Has Moody’s credibility been downgraded?
Moody’s efforts to sell a new methodology for rating banks met with a vitriolic chorus of disapproval from market participants and ended in a humiliating climb-down. Now that the agency has patched up its joint default analysis it faces another struggle – to regain its credibility. Alex Chambers reports.
MOODY’S INVESTORS SERVICE made a dramatic and rapid revision to its joint default analysis (JDA) in March following widespread complaints that it had created a ridiculous disparity between senior unsecured bank ratings and the underlying intrinsic financial risk of the same banks. Few could make sense of the dramatic changes, which raised several banks’ senior debt ratings close to or at the sovereign level – as well as creating numerous other anomalies.
The strength of the market’s ridicule of Moody’s was quite extraordinary. Bankers asked if the JDA acronym stood for joke default analysis, research pieces with titles such as Moody’s makes an Aaas of itself were published. Normally diligent bank analysts spent time devising disparaging commentary on Moody’s for internet-based Bollywood movies.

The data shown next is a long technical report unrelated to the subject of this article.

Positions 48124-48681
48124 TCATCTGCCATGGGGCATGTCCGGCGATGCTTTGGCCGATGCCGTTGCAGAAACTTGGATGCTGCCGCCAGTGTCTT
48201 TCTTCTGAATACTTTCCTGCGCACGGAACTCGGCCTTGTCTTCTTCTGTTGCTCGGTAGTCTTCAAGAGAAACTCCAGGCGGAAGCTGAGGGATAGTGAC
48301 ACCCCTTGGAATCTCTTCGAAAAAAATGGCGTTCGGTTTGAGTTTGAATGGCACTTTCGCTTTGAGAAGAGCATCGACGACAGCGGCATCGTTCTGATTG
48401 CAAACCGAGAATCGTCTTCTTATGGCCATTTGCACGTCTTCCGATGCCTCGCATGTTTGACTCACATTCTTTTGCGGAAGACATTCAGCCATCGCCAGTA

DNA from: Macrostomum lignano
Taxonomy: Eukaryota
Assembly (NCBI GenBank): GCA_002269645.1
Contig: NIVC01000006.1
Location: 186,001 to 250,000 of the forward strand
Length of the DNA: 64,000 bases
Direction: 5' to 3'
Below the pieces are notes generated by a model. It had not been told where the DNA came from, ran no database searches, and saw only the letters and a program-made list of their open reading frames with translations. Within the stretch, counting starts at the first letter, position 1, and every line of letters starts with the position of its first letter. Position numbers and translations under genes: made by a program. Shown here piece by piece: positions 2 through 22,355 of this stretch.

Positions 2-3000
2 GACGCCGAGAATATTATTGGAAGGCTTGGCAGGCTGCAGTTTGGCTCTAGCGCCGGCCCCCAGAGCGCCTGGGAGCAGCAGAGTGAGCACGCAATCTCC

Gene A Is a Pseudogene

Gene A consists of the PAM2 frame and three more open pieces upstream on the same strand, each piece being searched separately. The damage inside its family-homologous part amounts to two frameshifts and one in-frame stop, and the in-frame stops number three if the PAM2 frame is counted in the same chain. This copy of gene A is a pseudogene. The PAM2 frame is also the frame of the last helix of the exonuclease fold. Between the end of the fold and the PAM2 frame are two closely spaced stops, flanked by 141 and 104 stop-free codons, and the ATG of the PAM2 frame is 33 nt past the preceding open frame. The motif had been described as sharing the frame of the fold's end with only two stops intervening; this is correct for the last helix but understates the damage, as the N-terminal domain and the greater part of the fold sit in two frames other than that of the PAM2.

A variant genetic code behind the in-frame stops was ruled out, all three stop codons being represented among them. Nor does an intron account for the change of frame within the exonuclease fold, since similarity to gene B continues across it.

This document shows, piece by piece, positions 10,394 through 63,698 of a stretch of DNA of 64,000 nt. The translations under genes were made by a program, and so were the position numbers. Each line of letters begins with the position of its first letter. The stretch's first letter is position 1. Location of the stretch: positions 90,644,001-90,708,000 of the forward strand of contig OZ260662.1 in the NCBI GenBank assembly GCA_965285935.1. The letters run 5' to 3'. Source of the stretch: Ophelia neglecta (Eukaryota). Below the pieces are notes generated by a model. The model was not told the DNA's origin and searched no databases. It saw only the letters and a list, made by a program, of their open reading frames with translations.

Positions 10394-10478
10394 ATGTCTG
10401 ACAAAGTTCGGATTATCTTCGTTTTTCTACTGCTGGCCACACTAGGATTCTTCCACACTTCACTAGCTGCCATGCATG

Moody’s proclaimed that its new methodology was highly transparent and straightforward, but it opened up a philosophical chasm between itself and the other ratings agencies, including Standard & Poor’s, Fitch Ratings and Dominion Bond Ratings Service.
"The market has expressed the view – going back to the post Enron era – that it would like replicable, understandable, transparent methodologies that could get a third party pretty close to where the rating ends up," Chris Mahoney, chairman of Moody’s credit policy committee, told Euromoney.